This is a generous conception of humanity and Austrian economics is the only economic philosophy that offers such a viewpoint. All other modern economics tend to treat people as if they were nothing but static vessels waiting to be filled up by the insights of their betters.
The two other significant inventions of Austrian economics are the business cycle and human action. Business cycle analysis points out that modern private/public central banks cause first booms and then terrible busts, creating the kind of economic misery that we see today.
Human action informs us that the sterile planning of government bureaucracies is doomed to failure because people will always think for themselves and are not apt to do as they are told by their political leaders.
These three great insights − marginal utility, business cycle analysis and human action − are the holy trinity of free-market thinking. They are the most significant insights of modern economic theory and the most subversive.
Taken together they entirely undermine the rationale for the use of force in social contracts. They show clearly that bureaucratic bullying is counterproductive and ruins lives and societies.
It is unfortunate that those behind the creation of such magnificent concepts have come under attack. The reasons are mystifying to us, for to attack such concepts is to attack the human propensity for freedom itself, which is much discussed but rarely gained.
Within the context of such wonderful insights, we find the concept of money itself redefined. No less an Austrian monetary authority than Congressman Ron Paul himself has offered up the concept of monetary competition as a way to achieve an efficient monetary system.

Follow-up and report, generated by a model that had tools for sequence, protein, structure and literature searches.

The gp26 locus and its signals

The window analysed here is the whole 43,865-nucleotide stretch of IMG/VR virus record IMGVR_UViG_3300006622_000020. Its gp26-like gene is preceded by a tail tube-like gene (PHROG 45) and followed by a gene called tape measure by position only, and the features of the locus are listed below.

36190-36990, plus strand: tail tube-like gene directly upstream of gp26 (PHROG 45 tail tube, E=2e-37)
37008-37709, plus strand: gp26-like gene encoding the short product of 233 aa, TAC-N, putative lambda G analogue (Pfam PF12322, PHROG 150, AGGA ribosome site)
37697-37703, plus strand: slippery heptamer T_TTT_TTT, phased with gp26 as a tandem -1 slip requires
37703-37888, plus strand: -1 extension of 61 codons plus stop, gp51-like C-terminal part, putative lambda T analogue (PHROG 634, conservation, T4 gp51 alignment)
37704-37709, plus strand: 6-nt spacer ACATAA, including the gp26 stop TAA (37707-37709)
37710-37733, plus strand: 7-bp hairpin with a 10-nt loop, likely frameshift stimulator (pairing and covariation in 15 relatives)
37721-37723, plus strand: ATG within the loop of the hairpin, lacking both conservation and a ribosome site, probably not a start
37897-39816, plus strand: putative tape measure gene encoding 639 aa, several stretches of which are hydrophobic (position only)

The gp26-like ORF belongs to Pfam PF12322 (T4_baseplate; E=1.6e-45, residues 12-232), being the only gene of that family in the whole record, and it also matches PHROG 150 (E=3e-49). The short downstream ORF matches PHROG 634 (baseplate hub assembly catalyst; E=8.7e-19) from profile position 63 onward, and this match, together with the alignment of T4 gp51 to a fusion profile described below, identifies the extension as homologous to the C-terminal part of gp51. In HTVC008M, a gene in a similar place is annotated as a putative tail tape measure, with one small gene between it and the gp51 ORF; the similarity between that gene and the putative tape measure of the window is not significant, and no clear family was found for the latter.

Let money and currencies compete in a private marketplace, he points out. If people want to charge interest, let them. If they do not, that's okay, too. If people want to use fiat scrip, barter or anything else, they ought to do so.
Within this context, Georgism and social credit could certainly be tried as well, so long as those espousing these strategies did not try to enforce them at the barrel of a gun.
Our bet, of course, is within the context of money competition, gold and silver would find a place as they have throughout the ages, long before Money Power itself was extant.
Nothing in this concept calls for a fixed gold standard, though the enemies of such freedom constantly misrepresent modern Austrian economics as focusing on such a standard. One wonders at the motives of those who do so.
The lines, we have seen, are fairly well drawn at this point. On the one side are proponents of homogenous "systems" such as social credit, Greenbackerism and Georgism. To ensure these systems were unanimously adopted would take not just suasion but force.